The George Mason High School boys varsity soccer team claimed the Region B title, but their season ended following that high-water mark after a surprising 1-0 loss to upstart King William High School in the State Tournament quarterfinals hosted at Mason on Tuesday night. With hearts as heavy as the night’s torrential rains, the Bull Run District and Region B champion Mustangs watched as their state title aspirations disappeared despite dozens of opportunities to pull even and prevail.
Mason dominated time of possession and virtually every offensive statistical category in a rain-soaked game that straddled a two-hour long lightning delay shortly after kickoff. However, after 80 minutes of playing time that finally concluded at 10:35 p.m., they still trailed in the goal column.
“We had the ball, they had the goal,” said a somber Mason High Head Coach Art Iwanicki after the defeat. The Mustangs out-shot the Cavaliers 28-2.
“Sometimes the game goes like that,” Iwanicki said. “Sometimes if you don’t put away your chances, the trend of the game changes.”
It was a reality as unexpected as it was unwelcome for the Mustangs. After ousting a talented Nelson County team in the Region B semifinals and advancing on penalty kicks over Goochland in the regional title game, it appeared Mason was poised to return to Radford and a berth in the State Tournament semifinals for the first time since 2005. Instead, it is the King William Cavaliers, making their first-ever appearance in the state tournament, who journey on after winning their first-ever Tidewater District title in May.
For Mason, it was a nightmarish opening to the match. A minute and a half into the contest, freshman goalie Tyler Back misplayed a relatively harmless ball near the top of the box. Caught between picking it up and playing it with his feet, the ball wound up in the control of King William striker Matt Harris, who trickled a shot from the top left corner of the 18-yard box along the ground and over the goal line.
It was a rare miscue in what has been a superlative rookie season with the varsity for Back. The freshman posted 10 shutouts for the Mustangs, earning the respect and praise of his team and coaches all the while. Though the opening, and only, goal proved to be the fatal marker for Mason, the loss hinged more on the Mustangs’ inability to finish an epic amount of offensive opportunities.
After falling behind, the weather would add another obstacle.
Seconds after the goal, the winds whipped up and blew in a deluge that created conditions ideal for an underdog looking for an upset. A series of lightning strikes sent the players off the field and when play resumed at 9:05 p.m., while the winds and the rain had died down, a wet field and slippery ball remained.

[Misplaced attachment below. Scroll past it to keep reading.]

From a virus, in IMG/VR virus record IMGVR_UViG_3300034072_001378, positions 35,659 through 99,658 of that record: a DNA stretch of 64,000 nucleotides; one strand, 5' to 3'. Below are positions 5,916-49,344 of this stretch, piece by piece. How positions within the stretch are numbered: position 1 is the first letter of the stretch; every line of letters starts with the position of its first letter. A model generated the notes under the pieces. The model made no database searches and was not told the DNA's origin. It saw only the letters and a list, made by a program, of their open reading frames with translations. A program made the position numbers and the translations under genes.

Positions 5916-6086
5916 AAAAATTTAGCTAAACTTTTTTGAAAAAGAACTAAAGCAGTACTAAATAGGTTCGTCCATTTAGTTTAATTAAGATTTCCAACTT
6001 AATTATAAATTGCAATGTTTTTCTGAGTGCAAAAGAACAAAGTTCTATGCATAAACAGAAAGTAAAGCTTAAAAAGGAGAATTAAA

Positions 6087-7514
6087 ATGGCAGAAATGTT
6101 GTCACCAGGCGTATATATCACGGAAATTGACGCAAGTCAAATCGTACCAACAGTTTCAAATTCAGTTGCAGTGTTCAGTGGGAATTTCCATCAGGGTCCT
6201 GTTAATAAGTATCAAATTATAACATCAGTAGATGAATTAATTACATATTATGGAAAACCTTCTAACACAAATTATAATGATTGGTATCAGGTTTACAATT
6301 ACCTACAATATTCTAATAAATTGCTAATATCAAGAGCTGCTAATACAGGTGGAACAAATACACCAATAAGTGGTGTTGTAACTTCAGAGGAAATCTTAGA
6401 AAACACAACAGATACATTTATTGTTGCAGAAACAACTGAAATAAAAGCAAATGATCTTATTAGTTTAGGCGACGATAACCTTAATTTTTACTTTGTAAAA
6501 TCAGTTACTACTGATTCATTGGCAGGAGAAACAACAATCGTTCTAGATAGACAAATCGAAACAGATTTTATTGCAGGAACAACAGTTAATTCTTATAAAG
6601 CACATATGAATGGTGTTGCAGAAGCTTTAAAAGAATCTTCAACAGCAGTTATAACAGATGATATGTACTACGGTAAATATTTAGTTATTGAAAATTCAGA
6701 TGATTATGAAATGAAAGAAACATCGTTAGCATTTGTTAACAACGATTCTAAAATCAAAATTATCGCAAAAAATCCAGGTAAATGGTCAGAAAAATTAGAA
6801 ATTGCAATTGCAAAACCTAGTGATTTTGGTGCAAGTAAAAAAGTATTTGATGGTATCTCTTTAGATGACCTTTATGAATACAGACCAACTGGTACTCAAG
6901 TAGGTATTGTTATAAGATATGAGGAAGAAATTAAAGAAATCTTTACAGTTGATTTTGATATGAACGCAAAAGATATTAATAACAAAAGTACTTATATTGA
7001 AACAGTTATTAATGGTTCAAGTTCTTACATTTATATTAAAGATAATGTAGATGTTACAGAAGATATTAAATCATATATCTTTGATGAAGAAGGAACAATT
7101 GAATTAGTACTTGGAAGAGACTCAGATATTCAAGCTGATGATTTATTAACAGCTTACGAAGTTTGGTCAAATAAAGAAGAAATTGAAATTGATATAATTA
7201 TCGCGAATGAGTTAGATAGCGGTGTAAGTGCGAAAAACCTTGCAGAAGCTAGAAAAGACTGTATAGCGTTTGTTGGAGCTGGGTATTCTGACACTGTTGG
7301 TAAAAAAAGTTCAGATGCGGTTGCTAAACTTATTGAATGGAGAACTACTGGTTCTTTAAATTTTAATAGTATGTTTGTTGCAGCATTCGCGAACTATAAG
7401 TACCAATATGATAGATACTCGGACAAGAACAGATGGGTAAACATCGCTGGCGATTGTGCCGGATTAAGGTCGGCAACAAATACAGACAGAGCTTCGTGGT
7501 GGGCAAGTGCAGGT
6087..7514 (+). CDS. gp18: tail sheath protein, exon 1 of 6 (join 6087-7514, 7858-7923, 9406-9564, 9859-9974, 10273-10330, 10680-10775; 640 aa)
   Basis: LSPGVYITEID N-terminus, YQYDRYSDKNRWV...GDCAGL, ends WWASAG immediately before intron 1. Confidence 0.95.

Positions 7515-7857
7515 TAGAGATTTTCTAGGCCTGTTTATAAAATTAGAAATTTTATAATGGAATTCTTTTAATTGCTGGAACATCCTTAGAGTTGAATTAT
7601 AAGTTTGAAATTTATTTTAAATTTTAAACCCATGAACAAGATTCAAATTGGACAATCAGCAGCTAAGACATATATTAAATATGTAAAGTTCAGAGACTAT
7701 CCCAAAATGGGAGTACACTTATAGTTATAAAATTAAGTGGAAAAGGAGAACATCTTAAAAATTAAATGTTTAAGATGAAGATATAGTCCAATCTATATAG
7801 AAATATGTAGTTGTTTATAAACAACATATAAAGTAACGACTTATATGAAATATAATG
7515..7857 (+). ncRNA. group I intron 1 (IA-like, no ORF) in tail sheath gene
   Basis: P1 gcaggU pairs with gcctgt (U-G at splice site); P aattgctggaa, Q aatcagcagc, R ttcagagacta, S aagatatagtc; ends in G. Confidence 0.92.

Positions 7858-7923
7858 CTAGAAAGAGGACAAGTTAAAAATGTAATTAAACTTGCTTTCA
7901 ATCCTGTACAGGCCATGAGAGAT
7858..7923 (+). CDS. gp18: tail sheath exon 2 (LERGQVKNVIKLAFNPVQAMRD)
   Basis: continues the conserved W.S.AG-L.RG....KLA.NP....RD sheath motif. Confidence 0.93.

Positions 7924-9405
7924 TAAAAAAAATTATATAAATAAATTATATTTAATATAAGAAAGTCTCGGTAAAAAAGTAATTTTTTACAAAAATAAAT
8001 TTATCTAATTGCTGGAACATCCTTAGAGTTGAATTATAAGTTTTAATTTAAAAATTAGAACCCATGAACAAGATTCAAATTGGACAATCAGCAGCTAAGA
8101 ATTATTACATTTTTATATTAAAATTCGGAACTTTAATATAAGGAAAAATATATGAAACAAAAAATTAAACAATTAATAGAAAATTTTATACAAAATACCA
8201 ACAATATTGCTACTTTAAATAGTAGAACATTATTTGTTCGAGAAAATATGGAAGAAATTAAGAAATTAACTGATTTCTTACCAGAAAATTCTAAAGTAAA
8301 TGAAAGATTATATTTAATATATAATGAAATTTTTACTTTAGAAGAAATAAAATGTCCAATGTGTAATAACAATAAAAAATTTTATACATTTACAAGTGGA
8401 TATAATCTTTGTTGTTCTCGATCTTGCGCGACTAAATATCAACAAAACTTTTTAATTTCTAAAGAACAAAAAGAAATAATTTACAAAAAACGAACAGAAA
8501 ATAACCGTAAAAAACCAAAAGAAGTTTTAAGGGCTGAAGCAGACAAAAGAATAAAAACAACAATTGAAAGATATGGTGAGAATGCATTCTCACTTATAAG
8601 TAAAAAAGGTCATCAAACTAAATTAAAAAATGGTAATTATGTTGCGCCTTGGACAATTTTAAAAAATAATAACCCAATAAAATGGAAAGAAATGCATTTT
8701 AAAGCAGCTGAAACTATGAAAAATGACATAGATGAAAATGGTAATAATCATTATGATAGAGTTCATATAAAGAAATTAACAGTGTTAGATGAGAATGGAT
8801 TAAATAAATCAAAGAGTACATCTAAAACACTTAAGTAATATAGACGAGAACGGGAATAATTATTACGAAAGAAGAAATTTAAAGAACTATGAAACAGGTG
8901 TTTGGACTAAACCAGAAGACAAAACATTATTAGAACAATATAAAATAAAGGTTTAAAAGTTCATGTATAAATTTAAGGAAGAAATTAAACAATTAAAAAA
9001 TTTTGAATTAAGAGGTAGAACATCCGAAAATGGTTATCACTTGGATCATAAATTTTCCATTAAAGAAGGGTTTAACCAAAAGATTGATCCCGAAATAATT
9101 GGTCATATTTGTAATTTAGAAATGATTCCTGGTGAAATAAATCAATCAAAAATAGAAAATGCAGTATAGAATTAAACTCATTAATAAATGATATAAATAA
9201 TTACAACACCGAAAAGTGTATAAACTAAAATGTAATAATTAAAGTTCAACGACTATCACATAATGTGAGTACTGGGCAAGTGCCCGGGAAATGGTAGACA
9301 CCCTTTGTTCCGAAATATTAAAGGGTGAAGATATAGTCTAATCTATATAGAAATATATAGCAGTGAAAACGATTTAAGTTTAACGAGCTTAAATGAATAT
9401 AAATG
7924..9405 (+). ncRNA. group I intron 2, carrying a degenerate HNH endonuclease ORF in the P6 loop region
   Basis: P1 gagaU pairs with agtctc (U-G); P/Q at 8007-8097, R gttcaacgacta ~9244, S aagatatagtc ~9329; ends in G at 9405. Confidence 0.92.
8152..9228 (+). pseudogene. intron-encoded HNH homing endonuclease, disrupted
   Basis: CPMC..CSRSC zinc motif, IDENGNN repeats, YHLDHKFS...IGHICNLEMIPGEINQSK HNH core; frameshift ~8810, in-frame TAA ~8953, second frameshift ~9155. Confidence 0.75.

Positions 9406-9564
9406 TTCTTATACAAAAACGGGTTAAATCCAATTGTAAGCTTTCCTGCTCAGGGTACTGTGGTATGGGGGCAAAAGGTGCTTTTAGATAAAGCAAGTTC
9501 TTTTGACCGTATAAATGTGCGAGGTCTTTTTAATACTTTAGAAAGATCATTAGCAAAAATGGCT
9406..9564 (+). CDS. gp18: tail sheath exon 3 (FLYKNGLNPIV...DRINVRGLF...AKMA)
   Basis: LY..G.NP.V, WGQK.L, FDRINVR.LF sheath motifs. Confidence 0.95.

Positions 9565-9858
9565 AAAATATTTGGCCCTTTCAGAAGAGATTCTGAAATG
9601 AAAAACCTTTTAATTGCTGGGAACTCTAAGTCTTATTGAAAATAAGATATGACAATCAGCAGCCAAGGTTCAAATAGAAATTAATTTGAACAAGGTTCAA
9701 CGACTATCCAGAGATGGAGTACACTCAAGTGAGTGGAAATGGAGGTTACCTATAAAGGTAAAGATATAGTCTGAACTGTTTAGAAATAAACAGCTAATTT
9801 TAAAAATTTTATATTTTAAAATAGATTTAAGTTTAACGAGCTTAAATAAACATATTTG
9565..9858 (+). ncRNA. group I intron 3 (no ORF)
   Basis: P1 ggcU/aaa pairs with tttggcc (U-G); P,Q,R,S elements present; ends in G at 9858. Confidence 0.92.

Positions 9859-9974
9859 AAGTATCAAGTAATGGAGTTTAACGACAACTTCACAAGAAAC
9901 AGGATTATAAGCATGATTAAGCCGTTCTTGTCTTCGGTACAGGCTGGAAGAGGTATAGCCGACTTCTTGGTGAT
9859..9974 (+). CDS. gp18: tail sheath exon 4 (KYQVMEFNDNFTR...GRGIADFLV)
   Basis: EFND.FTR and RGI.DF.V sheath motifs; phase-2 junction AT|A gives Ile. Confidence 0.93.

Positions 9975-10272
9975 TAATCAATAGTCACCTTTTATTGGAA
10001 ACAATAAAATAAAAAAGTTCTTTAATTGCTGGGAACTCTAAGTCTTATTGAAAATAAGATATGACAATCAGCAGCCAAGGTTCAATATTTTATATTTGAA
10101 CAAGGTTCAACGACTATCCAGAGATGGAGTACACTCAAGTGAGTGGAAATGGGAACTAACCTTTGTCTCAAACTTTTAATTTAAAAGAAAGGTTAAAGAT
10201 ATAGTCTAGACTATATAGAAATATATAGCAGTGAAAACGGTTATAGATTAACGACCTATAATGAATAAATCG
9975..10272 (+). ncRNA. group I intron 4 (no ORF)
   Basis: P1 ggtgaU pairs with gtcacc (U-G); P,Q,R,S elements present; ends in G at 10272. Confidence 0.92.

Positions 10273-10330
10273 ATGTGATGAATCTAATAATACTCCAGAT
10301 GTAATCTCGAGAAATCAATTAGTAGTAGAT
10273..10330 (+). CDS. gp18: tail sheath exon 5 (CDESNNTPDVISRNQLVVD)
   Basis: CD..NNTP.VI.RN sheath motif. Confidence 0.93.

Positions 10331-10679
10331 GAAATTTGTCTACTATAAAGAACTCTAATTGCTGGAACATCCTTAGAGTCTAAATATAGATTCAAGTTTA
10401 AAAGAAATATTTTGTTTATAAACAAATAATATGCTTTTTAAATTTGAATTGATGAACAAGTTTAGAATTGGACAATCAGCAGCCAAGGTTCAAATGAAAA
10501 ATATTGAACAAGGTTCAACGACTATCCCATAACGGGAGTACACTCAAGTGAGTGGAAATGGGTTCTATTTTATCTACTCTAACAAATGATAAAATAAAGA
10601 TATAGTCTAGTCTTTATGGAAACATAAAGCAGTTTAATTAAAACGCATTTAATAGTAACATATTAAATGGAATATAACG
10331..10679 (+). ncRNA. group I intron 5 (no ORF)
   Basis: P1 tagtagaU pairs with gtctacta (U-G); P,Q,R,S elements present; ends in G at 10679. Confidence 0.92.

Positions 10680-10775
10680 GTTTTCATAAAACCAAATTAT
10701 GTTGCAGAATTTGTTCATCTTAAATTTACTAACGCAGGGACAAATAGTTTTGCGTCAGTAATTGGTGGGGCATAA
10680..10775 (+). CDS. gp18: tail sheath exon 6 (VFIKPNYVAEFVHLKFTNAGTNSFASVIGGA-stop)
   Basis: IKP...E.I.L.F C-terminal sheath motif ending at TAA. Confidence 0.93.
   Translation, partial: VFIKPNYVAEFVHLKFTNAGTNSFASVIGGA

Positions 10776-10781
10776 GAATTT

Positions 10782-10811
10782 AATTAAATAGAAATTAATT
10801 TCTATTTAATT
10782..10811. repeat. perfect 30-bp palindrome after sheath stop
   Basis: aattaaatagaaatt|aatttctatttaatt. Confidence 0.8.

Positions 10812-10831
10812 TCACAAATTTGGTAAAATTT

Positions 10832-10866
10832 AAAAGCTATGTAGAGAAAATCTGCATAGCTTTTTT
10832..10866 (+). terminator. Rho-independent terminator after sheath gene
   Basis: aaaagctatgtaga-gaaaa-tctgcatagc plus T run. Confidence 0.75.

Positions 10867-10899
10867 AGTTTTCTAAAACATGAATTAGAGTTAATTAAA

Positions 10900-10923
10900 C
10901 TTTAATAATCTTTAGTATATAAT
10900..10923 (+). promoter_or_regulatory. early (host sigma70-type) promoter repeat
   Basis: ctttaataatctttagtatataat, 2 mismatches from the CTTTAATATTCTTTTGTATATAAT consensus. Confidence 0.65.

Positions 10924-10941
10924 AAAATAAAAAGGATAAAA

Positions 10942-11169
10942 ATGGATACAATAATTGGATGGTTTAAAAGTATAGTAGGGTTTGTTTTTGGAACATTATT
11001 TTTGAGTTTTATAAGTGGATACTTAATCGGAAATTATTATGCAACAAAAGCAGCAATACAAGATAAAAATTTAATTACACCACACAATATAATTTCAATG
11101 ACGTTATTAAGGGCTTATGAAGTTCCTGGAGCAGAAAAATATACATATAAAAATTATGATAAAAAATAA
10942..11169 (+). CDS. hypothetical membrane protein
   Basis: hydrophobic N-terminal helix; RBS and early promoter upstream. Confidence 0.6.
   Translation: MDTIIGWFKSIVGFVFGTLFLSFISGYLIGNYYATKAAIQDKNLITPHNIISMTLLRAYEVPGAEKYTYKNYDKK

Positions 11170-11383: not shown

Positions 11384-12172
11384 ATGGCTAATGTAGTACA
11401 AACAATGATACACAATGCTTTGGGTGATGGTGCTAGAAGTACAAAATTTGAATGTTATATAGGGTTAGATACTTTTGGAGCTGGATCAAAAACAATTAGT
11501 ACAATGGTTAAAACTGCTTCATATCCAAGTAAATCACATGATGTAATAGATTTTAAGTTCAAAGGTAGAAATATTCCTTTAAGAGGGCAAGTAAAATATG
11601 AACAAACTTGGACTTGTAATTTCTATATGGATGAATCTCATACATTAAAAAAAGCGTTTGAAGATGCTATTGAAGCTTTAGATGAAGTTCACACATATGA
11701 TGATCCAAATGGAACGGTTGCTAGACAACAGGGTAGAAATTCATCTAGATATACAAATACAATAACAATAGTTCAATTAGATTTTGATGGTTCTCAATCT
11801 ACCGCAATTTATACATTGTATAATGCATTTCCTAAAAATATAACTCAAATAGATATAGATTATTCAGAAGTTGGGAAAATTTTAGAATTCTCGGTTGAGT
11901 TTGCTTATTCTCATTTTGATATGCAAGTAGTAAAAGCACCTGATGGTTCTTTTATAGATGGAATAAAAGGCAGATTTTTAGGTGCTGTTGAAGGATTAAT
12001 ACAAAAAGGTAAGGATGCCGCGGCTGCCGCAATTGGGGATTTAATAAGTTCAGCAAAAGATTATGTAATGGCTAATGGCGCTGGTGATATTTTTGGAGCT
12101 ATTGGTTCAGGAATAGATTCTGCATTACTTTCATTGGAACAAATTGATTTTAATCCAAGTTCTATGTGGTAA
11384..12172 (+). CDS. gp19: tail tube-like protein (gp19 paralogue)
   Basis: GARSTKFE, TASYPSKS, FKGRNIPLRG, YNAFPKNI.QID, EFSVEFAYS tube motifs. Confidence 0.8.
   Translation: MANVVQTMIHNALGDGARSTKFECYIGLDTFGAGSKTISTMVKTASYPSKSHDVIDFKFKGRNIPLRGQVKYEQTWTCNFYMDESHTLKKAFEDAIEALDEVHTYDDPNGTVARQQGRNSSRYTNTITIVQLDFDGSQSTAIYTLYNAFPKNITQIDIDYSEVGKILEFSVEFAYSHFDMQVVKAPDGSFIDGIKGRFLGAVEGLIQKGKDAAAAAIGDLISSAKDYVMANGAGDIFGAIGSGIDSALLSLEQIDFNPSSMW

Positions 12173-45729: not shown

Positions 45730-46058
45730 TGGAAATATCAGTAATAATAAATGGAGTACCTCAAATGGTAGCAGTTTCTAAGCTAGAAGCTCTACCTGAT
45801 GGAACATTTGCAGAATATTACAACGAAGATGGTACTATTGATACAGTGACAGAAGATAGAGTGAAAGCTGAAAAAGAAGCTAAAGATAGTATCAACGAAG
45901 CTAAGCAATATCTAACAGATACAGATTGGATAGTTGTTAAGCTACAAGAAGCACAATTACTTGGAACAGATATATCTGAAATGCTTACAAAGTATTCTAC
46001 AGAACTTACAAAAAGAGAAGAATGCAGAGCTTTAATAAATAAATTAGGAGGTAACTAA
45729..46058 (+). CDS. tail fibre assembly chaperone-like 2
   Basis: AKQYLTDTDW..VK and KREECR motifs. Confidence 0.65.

Those conditions kept both teams off balance after play restarted. Players searched for sure footing and the ball skidded over the surface, leading to long passes skittering both out of reach and out of bounds and wreaking havoc with Mason’s possession oriented game.
The Mustangs found their stride near the 25 minute mark, generating a series of surefire offensive chances that somehow failed to find a home in the back of the net.
With 15:11 remaining Nick Smirniotopoulos rocketed a shot from the top of the 18-yard box over the crossbar and 40 seconds later Antonio Randrianasolo blasted another ball right into the chest of King William goalie Justin Hutcheson. The shot may have rattled the keeper’s ribs but it did nothing to upset his nerves. Hutcheson twice more turned aside shots seemingly destined to tie the score, both coming off the feet of Elio Randrianasolo, who unleashed them at point-blank range from a yard away.
The rains returned at halftime in force, and continued at various strengths throughout the second 40 minutes. Mason came out of the break with a measure of urgency and immediately generated some strong scoring chances with Elio Randrianasolo ringing the crossbar just over a minute into play.
The Mustangs’ best opportunity to score in the match came at the 47-minute mark. Antonio Randrianasolo collected a pass in the middle of the six-yard box, took his time, but then fired it right into the chest of Hutcheson, again positioned perfectly to stop the shot.
Just over 10 minutes later, junior midfielder Jon Brooks bent a shot over a leaping Hutcheson from roughly 30 yards out, but again the ball ricocheted harmlessly off the crossbar.
Never again in the final 20 minutes of the match did the Mustangs mount better chances to score. King William packed nine and at times, 10 players into their half of the field, denying Mason any clean looks at the goal from the center of the 18-yard box.
“I would have faced a lot more [shots] if it hadn’t been for my teammates,” said Hutcheson, who was hoisted onto his team’s collective shoulders following the unlikely shutout.
“We just tried to aggravate them,” King William Head Coach Clint Ruhlman said. “I think we did that.”
The evidence of that frustration was more than visible by the sob-wracked shoulders of many of Mason’s players following the loss, with the rain only accounting for some of the moisture on their long faces.
“I really thought we’d do it,” Iwanicki said.
The sting of defeat was a strange sensation for the Mustangs, who had not been beaten since an April 7 loss to Group AA Potomac Falls.
The loss closes a highly successful season for the Mustangs that saw the team rack up a record of 16-3-2 and go undefeated in the Bull Run District. However, the team will fall short of its goal of a state championship, a reality that is particularly disappointing for seniors Andres Ramos, Antonio Randrianasolo, Wesley Frank, Matt Gresko and Tim Brooks.
"I’ll tell the guys this though,” Iwanicki said when interviewed before addressing his team. “If this is the worst thing that ever happens to them, then they will have led a very blessed life.”